Laundry By the Pound

Sometimes I like to have someone else do my laundry.

When it’s cheap, that is. Because I am cheap. (Ah, there I’ve said it. I feel so much better now. Laundry is also cathartic, apparently.)

Laundry services effectively come in two pricing models: by the pound and per piece.

Per piece laundries are usually a heist. By the time a few t-shirts and underwear are rung up, I’m taking out a mortgage. Unless someone else is paying for it or I’m on business and I need to look like a champ, I don’t do per piece.

I go by the pound (or kilo). Many countries and cultures around the world have laundry shops where you can drop off your laundry and have it returned to you, washed, dried and folded for anywhere between $0.50 – $2 per kilo. Southeast Asia, Nepal, and places in Central and South America come to mind.

Chinese Scale - Chengdu
Time to weigh the laundry…

Launderer beware: Some laundry joints feature rigged scales. Be sure that the scale actually balances at 0 and doesn’t somehow mysteriously register your little bag of laundry at 10 kilos (22 pounds). If ever you’re in doubt, take your bag down the street and get a second or third opinion.

Zen and the Art of Lost Laundry

We travelers are a funny lot. We’re all about minimalism and doing without, but god forbid our favorite pair of underwear vanishes at the laundry.

When you hand your laundry over to someone, you must do so with a Zen-like willingness to accept that you may never see any of it ever again. Ever. Sometimes pieces get lifted, most times they get lost to your neighbor, and sometimes they go to the great laundry graveyard in the sky.

That favorite t-shirt. I’ve lost it.

Favorite underwear. Check.

I’m over it. (Sort of.)

On second thought, I’ll never forgive that laundromat in Kyrgyzstan that vanished my Land Mine Museum shirt from Cambodia.

Washing Machines: Of Hummers and Minis

When we’re traveling and we happen upon a guest house or apartment that features a washing machine (I use that word “features” rather deliberately), Audrey reacts like she’s won the lottery. Her eyes light up similarly to the sight of artichokes and avocados.

Here’s the scoop: European homes favor small washers, American ones big washers. No surprise there, but the difference is like that between a Mini Cooper and a Hummer.

American washers are so large I’m certain Audrey and I could live in one if it came to that. (It just may one day.)
Laundry Traveling

But here’s the curious thing about European wash cycles: they go forever. Not sure what’s going on in those small machines, but I'd like to think our clothes come out all the cleaner for it.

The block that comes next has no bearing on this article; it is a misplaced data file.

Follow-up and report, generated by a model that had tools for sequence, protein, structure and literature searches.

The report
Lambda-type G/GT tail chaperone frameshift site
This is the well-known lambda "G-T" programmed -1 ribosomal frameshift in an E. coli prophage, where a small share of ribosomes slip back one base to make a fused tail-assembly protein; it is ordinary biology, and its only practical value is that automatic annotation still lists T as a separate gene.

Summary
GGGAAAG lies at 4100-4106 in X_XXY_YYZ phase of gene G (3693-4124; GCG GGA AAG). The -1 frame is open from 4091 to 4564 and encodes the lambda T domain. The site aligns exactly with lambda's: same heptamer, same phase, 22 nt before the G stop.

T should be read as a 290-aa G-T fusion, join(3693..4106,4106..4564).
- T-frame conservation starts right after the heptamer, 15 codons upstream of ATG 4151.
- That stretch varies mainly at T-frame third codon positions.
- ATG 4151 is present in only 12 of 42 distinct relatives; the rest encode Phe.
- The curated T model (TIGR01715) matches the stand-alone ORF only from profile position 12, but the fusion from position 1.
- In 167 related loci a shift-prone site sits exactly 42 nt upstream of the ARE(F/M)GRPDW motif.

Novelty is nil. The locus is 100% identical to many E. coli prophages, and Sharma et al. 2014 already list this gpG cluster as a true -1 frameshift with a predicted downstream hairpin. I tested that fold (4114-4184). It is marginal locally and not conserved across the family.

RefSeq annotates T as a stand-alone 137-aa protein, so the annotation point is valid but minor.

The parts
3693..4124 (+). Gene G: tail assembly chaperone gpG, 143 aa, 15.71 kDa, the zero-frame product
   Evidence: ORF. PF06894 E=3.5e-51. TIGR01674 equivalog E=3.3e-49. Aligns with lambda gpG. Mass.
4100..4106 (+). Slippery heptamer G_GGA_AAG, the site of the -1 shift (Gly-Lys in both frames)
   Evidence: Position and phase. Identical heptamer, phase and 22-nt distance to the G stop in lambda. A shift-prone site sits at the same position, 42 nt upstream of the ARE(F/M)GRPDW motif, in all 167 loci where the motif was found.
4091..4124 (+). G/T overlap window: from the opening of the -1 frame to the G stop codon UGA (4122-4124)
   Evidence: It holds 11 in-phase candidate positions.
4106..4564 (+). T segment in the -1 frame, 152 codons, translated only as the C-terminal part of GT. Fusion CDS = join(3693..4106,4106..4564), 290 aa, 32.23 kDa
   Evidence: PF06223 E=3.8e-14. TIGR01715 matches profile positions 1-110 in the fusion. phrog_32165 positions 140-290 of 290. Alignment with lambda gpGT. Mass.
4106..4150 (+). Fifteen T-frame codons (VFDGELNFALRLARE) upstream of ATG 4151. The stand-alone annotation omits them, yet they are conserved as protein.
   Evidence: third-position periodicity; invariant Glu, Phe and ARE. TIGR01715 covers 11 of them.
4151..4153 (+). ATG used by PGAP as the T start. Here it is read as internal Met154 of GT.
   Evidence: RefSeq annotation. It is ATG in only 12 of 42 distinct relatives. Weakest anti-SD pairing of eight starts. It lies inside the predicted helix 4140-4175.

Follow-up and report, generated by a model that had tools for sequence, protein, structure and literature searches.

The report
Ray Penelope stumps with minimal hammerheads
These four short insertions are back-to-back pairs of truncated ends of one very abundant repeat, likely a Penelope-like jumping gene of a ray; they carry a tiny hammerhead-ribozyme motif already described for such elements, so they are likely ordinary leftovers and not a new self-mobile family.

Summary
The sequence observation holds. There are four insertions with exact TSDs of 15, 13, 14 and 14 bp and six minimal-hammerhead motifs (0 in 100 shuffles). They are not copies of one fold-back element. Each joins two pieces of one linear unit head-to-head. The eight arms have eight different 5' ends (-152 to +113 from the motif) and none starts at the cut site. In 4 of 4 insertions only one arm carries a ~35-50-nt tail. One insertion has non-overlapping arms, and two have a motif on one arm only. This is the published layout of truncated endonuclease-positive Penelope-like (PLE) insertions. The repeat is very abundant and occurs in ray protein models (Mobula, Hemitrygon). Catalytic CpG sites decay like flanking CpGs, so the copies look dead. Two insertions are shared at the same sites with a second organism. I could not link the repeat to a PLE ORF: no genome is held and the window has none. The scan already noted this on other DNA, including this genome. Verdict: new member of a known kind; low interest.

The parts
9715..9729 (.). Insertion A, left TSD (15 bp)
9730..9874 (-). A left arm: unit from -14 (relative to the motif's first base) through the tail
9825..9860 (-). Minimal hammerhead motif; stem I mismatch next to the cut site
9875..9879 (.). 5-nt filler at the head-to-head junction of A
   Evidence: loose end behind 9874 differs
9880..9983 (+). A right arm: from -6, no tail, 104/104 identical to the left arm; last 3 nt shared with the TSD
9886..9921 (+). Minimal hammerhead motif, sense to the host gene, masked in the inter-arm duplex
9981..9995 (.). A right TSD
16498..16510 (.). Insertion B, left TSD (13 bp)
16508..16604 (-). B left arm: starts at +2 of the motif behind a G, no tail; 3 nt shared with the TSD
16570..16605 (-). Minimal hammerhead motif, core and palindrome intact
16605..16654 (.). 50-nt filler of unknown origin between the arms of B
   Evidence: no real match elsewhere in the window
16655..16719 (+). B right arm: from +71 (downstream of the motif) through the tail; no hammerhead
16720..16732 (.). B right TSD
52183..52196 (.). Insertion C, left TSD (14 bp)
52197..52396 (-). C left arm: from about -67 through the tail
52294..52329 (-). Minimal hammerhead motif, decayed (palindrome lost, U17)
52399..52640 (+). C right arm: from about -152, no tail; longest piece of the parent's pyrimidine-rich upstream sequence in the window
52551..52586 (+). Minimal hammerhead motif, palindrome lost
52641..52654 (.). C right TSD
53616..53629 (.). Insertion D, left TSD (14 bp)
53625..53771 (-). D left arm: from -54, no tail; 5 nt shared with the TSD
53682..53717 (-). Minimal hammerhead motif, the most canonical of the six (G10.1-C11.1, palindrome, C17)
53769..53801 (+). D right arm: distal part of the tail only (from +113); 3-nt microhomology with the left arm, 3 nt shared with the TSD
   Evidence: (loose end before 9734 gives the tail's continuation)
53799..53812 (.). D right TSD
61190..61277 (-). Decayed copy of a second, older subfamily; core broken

European washers are also curious because they usually offer a built-in drying function in the same machine. Not a gas dryer, but an electric dryer without an exhaust. It’s akin to roasting your clothes in a convection oven. When we lived in Prague, we had one. We called it the clothes cooker. Clothes never quite dried. They were warmed, like a pre-dinner face towel at a fine sushi bar.


And when you have neither a large washer or small, you get lazy and wait until your clothes are about to walk out the door on their own in protest of their own stink. Then you go next door only to find that they don’t accept underwear. And finally, you go to the sink, whip out that dark blue bar of soap, throw on some tunes and scrub away.

Wax on. Wax off.



What's your best piece of laundry kung fu?

About Daniel Noll
Travel and life evangelist. Writer, speaker, storyteller and consultant. Connecting people to experiences that will change their lives. Originally from the U.S. Daniel has lived abroad since 2001 and most recently has been on the road since 2006. When he's not writing for the blog you can keep up with his adventures on Twitter, Facebook, and Instagram. And you can learn more about him on the About Page and on LinkedIn.

53 thoughts on “Zen and the Art of Laundry on the Road”

  1. This is by far the most comprehensive article I’ve ever seen on laundry…I thought it would be quite boring but I actually enjoyed it very much! I’ve never heard of that towel trick, I’ll have to give it a try. Thanks for sharing.

  2. @John: Glad we didn’t bore you. That’s the goal. That, and maybe to make you laugh a bit. The towel trick for drying is key to drying kung fu.

    @Kurt: That’s generally our approach. Sometimes, our clothes are thicker (for colder weather) and the air not exceptionally dry. In those cases, it’s usually a matter of wearing things more than a few times until you find a washer/laundromat. Now that I think of it, the trick is to keep underclothes (the stuff at your skin) clean.

    @Margaret: You’re welcome. By the way, we’ll continue to maintain a few mysteries. Keeps life interesting.

  3. Great post, the travelers dilemma. I usually resort to bring light, quick dry clothes and resort to the old sink or shower laundry and hope its dry by morning.

  4. @Barbara: Oooh, berries on the bum. Aussie shampoo to the rescue! Terrific reaction, and a great guerrilla laundry anecdote.

    I suspect there are a couple of travel laundry tips at work here: get to it quickly. Even if all you have is water or a bar of soap (or shampoo), the faster you attack the spill, the more likely it won’t stain. The other: I also wonder whether your shorts are stain resistant. If so, that helps a lot.

    Happy trails, and glad to hear you beat the berries!

  5. @eileen: Excellent point. Fans are hugely important for laundry whether you are traveling or not. When we lived in Prague, we would wash, hang out laundry on a rack, then set up a fan or two to blow all day and night to get things dry.